This was the most e-mailed article in today’s New York Times:
Four years after the National Institute of Child Health and Human Development published a survey in which 12 percent of respondents reported sleeping with their babies, those babies have grown into children, and those children are still in their parents’ bed. Many parents are reluctant co-sleepers, too tired to disrupt a practice that may irritate one or both adults, but, in the end, seems to promise the most amount of sleep for the most people in the house.
When is it time to reclaim your bed from your kids?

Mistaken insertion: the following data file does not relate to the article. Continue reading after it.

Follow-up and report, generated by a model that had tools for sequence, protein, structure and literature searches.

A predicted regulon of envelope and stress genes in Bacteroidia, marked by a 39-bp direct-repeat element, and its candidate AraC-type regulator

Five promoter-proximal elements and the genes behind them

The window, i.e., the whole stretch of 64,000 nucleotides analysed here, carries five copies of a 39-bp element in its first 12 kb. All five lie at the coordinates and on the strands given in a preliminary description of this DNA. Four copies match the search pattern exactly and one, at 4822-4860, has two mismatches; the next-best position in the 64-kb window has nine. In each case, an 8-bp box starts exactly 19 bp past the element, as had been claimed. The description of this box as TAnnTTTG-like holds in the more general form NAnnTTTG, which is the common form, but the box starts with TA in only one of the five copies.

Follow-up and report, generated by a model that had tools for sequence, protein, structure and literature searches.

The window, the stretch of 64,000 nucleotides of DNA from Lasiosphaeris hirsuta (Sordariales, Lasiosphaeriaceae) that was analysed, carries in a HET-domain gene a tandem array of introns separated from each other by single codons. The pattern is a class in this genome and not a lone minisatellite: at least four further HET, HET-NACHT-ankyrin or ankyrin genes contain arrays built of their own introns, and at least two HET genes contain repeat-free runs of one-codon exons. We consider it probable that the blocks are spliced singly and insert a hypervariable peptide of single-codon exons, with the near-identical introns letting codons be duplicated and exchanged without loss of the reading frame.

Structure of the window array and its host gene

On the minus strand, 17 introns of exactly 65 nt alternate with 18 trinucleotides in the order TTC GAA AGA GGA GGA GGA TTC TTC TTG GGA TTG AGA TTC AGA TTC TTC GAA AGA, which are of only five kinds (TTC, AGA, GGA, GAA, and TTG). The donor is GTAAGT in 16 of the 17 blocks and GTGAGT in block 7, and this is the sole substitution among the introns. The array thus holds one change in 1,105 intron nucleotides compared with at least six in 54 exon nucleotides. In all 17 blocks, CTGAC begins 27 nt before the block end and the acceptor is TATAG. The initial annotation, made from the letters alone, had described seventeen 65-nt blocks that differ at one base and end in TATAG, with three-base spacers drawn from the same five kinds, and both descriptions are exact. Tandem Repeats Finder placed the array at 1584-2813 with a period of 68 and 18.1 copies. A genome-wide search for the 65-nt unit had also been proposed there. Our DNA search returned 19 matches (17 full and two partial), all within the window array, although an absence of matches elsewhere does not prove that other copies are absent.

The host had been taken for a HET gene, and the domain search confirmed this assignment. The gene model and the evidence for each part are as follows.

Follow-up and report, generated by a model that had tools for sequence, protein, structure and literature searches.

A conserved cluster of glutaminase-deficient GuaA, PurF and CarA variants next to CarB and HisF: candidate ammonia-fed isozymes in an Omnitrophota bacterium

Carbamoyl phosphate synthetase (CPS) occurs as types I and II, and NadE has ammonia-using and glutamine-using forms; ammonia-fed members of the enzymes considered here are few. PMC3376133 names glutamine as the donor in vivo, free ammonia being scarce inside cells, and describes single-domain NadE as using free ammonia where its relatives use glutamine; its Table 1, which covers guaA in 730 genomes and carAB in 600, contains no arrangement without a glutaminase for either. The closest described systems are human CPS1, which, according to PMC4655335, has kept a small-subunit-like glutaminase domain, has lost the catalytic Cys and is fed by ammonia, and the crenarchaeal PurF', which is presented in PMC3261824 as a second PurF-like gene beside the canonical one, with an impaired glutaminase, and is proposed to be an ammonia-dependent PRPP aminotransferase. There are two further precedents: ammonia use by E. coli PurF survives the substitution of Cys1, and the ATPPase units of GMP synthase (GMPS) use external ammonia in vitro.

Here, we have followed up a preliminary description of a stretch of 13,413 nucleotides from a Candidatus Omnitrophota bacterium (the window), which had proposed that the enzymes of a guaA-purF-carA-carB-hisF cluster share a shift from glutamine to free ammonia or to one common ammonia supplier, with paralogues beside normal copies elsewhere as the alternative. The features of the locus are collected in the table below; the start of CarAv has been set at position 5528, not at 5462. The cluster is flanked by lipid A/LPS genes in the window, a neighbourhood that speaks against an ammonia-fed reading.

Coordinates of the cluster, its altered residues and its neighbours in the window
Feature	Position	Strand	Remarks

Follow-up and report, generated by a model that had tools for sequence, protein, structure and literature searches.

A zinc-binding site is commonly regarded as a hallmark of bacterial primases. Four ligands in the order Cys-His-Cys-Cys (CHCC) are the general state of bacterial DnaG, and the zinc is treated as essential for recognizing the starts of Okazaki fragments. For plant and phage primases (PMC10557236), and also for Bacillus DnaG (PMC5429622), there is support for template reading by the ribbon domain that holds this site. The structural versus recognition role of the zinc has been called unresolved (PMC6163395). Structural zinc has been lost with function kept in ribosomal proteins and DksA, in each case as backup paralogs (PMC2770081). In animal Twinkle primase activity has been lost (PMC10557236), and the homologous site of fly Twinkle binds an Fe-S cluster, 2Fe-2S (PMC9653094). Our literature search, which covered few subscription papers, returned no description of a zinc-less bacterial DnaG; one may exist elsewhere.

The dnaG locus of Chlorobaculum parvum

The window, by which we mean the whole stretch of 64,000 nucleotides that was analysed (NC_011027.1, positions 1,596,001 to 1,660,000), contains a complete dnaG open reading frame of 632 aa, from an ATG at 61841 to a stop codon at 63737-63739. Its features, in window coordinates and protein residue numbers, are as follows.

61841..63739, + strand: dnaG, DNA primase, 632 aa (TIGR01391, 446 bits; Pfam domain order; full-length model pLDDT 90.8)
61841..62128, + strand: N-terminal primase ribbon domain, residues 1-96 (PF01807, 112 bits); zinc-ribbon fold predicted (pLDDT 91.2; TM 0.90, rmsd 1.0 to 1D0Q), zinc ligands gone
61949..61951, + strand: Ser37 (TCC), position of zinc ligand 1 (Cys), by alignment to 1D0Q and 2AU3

Here are some notable excerpts:
Ms. Kunhardt (a Manhattan sleep consultant) and others suggest that parents, stung by the sometimes arbitrary boundaries set by their own parents, are concerned to a fault with the emotional well-being of their children.
“I say they’re much sturdier than we think they are,” Ms. Kunhardt said. “You can be both a really empathetic parent and be firm.”
“It’s commonly believed in the mental health field that it’s important the children learn to sleep on their own. Not doing it often generalizes to other problems, because it’s about a fairly important way that parents say no to their child.”